Hunter's campaign pays new lawyers amid federal investigation," by the UT's Morgan Cook: "Rep. Duncan Hunter's campaign paid about $69,000 for legal services from three firms in the first quarter of this year, amid a federal criminal investigation into his campaign spending, according to a new report on file with the Federal Election Commission." Story
Republican Rep. Steve Knight fields questions on healthcare and Trump's possible conflicts of interest at town hall," by LATimes' Javier Panzar: "Rep. Steve Knight (R-Palmdale) told the crowd at his packed town hall in Simi Valley that he figured many of them wanted to talk about North Korea. Then the shouts of 'Russia' started." Story
Candidate's endorsement agreement with a former rival draws complaints in L.A. City Council race," by LATimes' Dakota Smith: "Los Angeles City Council candidates in tight races frequently seek endorsements from former rivals to broaden their base of support. But an endorsement agreement in the Council District 1 race in northeast Los Angeles is drawing complaints. Candidate and bike activist Joe Bray-Ali signed an endorsement pledge last month with Jesse Rosas, a Highland Park resident who ran in the primary election, but was not among the top two vote-getters." Story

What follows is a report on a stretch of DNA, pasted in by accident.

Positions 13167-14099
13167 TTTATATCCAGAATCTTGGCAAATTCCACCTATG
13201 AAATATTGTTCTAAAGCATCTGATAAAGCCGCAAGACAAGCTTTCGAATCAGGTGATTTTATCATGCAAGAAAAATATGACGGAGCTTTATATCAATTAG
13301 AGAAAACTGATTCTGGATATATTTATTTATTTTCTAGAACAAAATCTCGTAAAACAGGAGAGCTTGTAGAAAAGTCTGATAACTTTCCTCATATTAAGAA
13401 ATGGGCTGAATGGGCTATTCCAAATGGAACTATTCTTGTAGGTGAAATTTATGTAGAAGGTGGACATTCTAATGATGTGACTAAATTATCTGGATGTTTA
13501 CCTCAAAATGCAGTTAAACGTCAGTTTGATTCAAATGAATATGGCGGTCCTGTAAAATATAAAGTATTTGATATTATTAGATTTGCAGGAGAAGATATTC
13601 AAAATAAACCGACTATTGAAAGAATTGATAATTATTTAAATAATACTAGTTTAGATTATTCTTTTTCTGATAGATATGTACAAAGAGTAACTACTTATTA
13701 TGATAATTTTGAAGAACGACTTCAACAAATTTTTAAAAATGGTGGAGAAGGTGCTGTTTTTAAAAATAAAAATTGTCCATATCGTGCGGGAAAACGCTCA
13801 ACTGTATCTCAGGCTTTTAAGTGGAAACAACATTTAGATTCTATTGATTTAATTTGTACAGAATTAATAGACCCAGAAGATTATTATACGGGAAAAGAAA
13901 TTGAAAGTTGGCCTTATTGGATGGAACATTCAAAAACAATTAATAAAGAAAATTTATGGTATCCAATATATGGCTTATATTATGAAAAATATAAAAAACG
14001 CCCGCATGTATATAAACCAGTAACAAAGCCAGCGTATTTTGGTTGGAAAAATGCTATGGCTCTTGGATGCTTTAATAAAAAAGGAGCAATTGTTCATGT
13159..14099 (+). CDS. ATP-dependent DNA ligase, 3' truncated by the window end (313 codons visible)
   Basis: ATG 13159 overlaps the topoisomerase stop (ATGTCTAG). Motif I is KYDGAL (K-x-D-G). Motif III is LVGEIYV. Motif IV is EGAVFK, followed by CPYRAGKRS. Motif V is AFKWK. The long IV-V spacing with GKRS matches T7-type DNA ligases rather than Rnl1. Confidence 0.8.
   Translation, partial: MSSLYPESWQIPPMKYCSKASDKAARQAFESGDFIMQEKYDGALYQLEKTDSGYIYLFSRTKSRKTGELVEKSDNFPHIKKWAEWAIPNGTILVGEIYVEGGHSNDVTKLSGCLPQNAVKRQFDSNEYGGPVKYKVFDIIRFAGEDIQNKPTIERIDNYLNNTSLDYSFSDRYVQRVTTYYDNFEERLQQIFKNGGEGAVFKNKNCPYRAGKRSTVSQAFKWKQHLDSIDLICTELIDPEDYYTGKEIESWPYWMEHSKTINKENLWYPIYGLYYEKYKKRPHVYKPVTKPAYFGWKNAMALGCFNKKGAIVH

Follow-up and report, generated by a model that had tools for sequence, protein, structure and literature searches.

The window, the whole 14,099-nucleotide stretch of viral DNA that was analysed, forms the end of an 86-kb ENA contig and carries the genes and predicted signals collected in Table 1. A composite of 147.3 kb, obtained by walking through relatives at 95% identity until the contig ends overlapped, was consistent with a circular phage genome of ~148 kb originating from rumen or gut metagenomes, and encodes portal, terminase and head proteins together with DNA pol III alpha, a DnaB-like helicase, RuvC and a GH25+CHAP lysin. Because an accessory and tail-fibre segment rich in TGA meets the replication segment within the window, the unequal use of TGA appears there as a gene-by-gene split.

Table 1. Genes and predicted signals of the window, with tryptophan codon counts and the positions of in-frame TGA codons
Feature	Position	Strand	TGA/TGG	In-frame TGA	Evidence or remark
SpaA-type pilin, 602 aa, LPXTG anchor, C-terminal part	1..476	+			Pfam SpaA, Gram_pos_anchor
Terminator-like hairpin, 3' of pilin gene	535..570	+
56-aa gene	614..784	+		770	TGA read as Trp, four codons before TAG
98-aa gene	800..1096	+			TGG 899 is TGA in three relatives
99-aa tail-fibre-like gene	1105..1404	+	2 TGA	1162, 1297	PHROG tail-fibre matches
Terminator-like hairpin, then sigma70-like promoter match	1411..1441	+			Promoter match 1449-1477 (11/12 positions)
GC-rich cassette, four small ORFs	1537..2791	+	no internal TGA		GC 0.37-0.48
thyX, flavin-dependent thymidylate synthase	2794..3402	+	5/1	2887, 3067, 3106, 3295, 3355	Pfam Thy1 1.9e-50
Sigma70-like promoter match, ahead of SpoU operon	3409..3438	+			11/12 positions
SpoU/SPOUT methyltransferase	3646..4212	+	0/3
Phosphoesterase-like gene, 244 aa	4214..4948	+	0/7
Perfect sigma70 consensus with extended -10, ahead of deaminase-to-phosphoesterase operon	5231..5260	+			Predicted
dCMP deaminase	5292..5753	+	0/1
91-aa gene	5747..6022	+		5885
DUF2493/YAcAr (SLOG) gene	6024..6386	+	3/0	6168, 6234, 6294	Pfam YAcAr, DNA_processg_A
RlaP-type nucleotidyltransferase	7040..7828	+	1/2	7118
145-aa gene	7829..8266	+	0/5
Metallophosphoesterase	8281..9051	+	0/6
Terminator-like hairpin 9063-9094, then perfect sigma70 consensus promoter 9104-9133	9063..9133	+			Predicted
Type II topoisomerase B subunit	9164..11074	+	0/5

Disabled placards for thousands of dead Californians part of program abuse," by SacBee's Jim Miller: Story
No progress seen on housing crunch for SF teachers," by SFChronicle's Heather Knight: Story
In a bid to ease student debt, California considers a role in helping refinance private loans," by the LATimes' Melanie Mason: Story